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Production of Green Aromatics and Olefins from Lignocellulosic Biomass by Catalytic Fast Pyrolysis: Chemistry, Catalysis, and Process Development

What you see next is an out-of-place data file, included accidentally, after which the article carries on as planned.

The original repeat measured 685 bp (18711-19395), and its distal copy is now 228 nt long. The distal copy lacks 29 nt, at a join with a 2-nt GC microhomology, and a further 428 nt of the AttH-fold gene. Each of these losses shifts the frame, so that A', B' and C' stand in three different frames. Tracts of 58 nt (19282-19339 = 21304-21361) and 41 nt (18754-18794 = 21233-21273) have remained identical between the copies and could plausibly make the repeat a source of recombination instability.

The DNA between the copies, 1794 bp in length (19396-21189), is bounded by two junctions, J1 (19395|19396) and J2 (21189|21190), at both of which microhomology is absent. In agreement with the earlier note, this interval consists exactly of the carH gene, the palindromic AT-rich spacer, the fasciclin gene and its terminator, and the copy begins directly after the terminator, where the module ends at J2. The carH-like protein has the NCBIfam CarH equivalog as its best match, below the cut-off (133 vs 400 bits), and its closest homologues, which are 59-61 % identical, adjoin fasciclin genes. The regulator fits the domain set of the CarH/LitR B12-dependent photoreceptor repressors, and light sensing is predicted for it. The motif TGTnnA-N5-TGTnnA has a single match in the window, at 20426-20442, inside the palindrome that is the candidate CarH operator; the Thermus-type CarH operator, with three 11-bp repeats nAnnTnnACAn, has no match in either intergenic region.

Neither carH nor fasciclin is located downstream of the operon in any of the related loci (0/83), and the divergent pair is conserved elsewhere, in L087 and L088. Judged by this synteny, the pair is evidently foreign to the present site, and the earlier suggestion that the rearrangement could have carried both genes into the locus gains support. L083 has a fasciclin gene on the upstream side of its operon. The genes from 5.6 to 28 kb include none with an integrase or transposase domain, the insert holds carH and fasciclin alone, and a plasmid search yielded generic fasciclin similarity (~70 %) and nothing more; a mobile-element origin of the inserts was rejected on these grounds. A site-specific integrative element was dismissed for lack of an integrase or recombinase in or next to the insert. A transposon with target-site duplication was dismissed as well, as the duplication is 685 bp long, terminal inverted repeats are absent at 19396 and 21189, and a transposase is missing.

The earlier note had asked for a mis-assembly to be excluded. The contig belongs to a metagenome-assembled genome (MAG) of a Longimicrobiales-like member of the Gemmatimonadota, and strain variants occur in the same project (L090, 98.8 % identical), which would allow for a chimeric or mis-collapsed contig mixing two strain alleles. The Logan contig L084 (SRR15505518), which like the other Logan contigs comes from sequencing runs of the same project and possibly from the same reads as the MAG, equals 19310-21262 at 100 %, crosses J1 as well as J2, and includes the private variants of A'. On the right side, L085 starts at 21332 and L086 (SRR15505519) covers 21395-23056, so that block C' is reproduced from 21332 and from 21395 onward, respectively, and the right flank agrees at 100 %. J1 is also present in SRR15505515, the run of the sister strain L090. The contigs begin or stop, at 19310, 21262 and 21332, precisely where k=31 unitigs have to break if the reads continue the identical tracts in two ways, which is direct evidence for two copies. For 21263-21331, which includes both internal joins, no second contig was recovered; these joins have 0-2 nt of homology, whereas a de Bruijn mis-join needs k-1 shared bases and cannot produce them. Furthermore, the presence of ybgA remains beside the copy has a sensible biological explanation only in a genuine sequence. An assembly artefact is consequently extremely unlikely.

Diminishing petroleum resources combined with concerns about global warming and dependence on fossil fuels are leading our society to search for renewable sources of energy. In this respect, lignocellulosic biomass has a tremendous potential as a renewable energy source, once we develop the economical processes converting biomass into useful fuels and chemicals. Catalytic fast pyrolysis (CFP) is a promising technology for production of gasoline range aromatics, including benzene, toluene, and xylenes (BTX), directly from raw solid biomass. In this single step process, solid biomass is fed into a catalytic reactor in which the biomass first thermally decomposes to form pyrolysis vapors. These pyrolysis vapors then enter the zeolite catalysts and are converted into the desired aromatics and olefins along with CO, CO2, H2O, and coke. The major challenge with the CFP process is controlling the complicated homogeneous and heterogeneous reaction chemistry. The focus of this thesis is to study the reaction chemistry, catalyst design, and process development for CFP to advance the CFP technology. To gain a fundamental understanding of the underlying chemistry of the process, we studied the reaction chemistry for CFP of glucose (i.e. biomass model compound). Glucose is thermally decomposed in a few seconds and produce dehydrated products, including anhydrosugars and furans. The dehydrated products then enter into the zeolite catalyst pore where they are converted into aromatics, CO, CO2, H2O and coke. The zeolite catalyzed step is far slower than the initial decomposition step (>2 min). Isotopic labeling studies revealed that the aromatics are formed from random hydrocarbon fragments composed of the dehydrated products. The major competing reaction to aromatic production is the formation of coke. The main coking reaction is the polymerization of the furan intermediates on the catalyst surface. CFP is a shape selective reaction where the product selectivity is related to the zeolite pore size and structure. The shape selectivity of the zeolite catalysts in the CFP of glucose was systematically studied with different zeolites. The aromatic yield is a function of the pore size and internal pore space of the zeolite catalyst. Medium pore zeolites with pore sizes in the range of 5.2 to 5.9 √Ö and moderate pore intersection size, such as ZSM-5 and ZSM-11 produced the highest aromatic yield and least amount of coke. The kinetic diameter estimation of the aromatic products and the reactants revealed that the majority of these molecules can fit inside the zeolite pores of the medium pore zeolites. The ZSM-5 catalyst, the best catalyst for aromatic production, was modified further to improve its catalytic performance. These modifications include: (1) adjusting the concentration of acid sites inside the zeolites catalyst; (2) incorporation of mesoporosity into the ZSM-5 framework to enhance its diffusion characteristics, and (3) addition of Ga to the ZSM-5. Mesoporous ZSM-5 showed high selectivity for heavier alkylated monoaromatics. Ga promoted ZSM-5 increased the aromatic yield over 40%. A process development unit was designed and built for continuous operation of the CFP process in a pilot scale. The effects of process variables such as temperature, biomass weight hourly space velocity, catalyst to biomass ratio, catalyst static bed height, and fluidization gas velocity were studied to optimize the reactor performance. It was demonstrated that CFP could produce liter quantities of aromatic products directly from solid biomass.
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